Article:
BHM: taking action


BHM banner

Black History Month 2022 gave us all a chance to come together to learn and celebrate the impact and richness of black history. The theme this year was ‘Time for Change: Action Not Words’ which encouraged people to learn from the past and take steps to improve the future.

We’re very proud to be a Housing Association that has always taken action, championed diversity and stood up for the rights of disadvantaged communities.

Our History

We’ve not always been called Midland Heart, a number of different organisations have merged over the years and set the foundation for us to become the inclusive landlord we are today.

In 1925 COPEC was formed by a group of people who wanted to improve the living conditions of people living in slum housing in Birmingham. This was the very first version of Midland Heart.

Standing by our values

In the 1950’s families who had travelled to England to help repair the country after World War 2 were discriminated against. It was common for landlords to refuse to house people from Asia, Ireland and the Caribbean. Signs that stated ‘No blacks. No Irish. No dogs’ were a common sight in the windows of businesses.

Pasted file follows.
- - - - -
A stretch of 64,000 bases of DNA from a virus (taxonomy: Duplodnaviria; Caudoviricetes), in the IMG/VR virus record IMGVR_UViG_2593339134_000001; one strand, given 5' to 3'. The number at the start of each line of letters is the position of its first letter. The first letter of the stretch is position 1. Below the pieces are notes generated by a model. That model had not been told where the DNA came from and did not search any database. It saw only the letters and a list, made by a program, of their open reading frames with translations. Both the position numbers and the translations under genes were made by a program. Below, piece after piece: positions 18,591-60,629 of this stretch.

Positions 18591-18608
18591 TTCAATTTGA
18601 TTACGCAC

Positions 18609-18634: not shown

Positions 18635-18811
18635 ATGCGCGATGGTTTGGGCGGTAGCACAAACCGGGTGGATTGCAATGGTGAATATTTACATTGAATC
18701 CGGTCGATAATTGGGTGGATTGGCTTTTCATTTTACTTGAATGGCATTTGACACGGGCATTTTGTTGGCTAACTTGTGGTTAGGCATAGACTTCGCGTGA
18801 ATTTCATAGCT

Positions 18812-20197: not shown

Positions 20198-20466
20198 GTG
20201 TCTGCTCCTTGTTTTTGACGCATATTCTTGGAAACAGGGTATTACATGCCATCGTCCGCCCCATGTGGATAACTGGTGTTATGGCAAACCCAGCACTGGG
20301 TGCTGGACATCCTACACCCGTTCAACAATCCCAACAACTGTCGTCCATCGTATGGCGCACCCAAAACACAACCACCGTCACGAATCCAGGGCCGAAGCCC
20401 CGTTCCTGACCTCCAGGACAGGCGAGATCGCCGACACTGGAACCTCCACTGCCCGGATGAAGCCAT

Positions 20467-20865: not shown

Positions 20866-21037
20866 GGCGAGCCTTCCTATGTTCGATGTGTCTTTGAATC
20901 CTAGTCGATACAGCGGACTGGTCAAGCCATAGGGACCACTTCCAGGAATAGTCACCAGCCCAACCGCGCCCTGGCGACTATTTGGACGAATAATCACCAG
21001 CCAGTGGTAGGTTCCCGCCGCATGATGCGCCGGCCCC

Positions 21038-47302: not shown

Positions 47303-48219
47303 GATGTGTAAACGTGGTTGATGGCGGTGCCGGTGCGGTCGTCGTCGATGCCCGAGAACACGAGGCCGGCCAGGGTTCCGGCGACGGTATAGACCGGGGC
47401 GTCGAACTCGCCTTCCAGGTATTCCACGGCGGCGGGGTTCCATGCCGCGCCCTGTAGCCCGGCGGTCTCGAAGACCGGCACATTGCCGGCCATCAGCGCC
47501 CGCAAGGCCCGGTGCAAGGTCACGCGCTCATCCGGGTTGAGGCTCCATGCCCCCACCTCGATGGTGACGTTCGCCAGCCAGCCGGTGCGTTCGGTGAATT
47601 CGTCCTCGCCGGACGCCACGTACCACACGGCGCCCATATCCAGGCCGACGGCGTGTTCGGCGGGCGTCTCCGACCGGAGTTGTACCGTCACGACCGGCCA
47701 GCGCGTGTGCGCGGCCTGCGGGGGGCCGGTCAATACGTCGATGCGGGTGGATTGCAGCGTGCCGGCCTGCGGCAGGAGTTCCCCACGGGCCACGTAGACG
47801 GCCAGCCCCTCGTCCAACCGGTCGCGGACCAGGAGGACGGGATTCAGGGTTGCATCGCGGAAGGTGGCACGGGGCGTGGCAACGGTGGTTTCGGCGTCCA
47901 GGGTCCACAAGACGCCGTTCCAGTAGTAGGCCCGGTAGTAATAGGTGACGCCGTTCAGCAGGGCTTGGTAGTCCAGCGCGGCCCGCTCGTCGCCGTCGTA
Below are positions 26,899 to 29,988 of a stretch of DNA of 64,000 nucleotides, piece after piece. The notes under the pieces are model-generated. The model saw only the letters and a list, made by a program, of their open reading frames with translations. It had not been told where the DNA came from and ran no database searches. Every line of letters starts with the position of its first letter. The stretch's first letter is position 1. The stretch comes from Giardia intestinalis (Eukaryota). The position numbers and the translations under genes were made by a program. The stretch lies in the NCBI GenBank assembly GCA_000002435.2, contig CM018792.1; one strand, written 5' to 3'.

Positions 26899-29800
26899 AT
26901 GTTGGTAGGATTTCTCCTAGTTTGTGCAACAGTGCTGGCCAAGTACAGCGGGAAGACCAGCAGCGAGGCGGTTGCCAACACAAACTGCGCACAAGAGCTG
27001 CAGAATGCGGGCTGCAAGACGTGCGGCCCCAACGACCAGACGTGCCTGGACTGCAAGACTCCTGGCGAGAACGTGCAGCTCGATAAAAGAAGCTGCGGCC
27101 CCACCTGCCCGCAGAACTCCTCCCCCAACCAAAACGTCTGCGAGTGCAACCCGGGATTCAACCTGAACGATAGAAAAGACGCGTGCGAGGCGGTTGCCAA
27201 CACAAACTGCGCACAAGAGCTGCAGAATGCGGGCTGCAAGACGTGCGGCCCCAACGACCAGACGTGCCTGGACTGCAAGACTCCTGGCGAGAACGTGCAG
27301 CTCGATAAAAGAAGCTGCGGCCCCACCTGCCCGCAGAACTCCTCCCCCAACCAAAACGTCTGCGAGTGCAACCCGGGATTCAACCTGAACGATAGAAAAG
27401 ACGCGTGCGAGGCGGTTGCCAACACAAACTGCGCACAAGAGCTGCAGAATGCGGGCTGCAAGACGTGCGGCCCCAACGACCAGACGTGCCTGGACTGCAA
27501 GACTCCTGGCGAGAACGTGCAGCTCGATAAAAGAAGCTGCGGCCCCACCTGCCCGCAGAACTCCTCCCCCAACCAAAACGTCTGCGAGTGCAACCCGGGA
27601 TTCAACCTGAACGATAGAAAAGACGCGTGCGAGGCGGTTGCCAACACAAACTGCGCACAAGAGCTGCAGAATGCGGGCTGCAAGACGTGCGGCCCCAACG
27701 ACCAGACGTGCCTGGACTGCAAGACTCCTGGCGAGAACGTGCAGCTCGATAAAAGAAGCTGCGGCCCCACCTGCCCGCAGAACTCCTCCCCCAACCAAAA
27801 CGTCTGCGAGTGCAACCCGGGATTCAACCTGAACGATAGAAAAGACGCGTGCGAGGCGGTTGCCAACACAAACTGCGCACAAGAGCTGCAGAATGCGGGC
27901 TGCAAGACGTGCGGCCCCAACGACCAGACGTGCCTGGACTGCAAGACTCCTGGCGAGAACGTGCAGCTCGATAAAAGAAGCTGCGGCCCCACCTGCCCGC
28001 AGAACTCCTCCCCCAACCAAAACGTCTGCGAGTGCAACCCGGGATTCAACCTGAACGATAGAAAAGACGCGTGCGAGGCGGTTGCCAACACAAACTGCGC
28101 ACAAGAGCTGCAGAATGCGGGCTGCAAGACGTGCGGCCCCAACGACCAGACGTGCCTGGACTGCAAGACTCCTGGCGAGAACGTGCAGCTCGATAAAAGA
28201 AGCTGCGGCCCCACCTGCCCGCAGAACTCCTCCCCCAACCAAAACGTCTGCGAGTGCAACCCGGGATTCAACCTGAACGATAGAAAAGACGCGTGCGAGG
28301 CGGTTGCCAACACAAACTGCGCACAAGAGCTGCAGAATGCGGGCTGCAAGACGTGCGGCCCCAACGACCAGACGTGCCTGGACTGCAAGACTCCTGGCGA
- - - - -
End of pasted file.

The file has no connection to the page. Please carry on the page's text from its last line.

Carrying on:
The lack of available and affordable housing meant that newcomers were forced to live in poor conditions. Families were often left with no choice but to share a single room with another family just to avoid being homeless.

Despite many landlords turning these families away we committed to providing homes for them. We worked hard to improve their living conditions and offer them a better quality of life.

The making of Midland Heart

In the 1960’s Shelter began campaigning to help ‘the hidden homeless’ and documentaries like ‘Cathy Come Home’ highlighted the poor housing conditions that people were enduring.

With the spotlight on the slums, Housing Associations such as Coventry Churches HA, Midland Area HA, Wolverhampton HA, and Birmingham Housing Trust were founded as part of the response.

In 1973 Harambee (later known as Black Star), the first Black and Minority Ethnic Housing Association was formed in Birmingham. Black Star went through a series of mergers with the original Housing Associations and newer organisations such as HAMAC, Normid and Shape.

These mergers eventually led to the creation of two larger housing associations Prime Focus based in Birmingham and Keynote in Coventry. In April 2006 they came together to form Midland Heart.

Continuing to take action

We’re proud to have played a part in improving the lives of our customers over the past 98 years which is why we’ll continue lobbying the government to allow us to build more homes.

We’ll maintain our partnerships with other organisations so that we can help you to live in inclusive communities. We’ll also keep empowering customers to help us improve our services, so that you have a safe and affordable place to call home.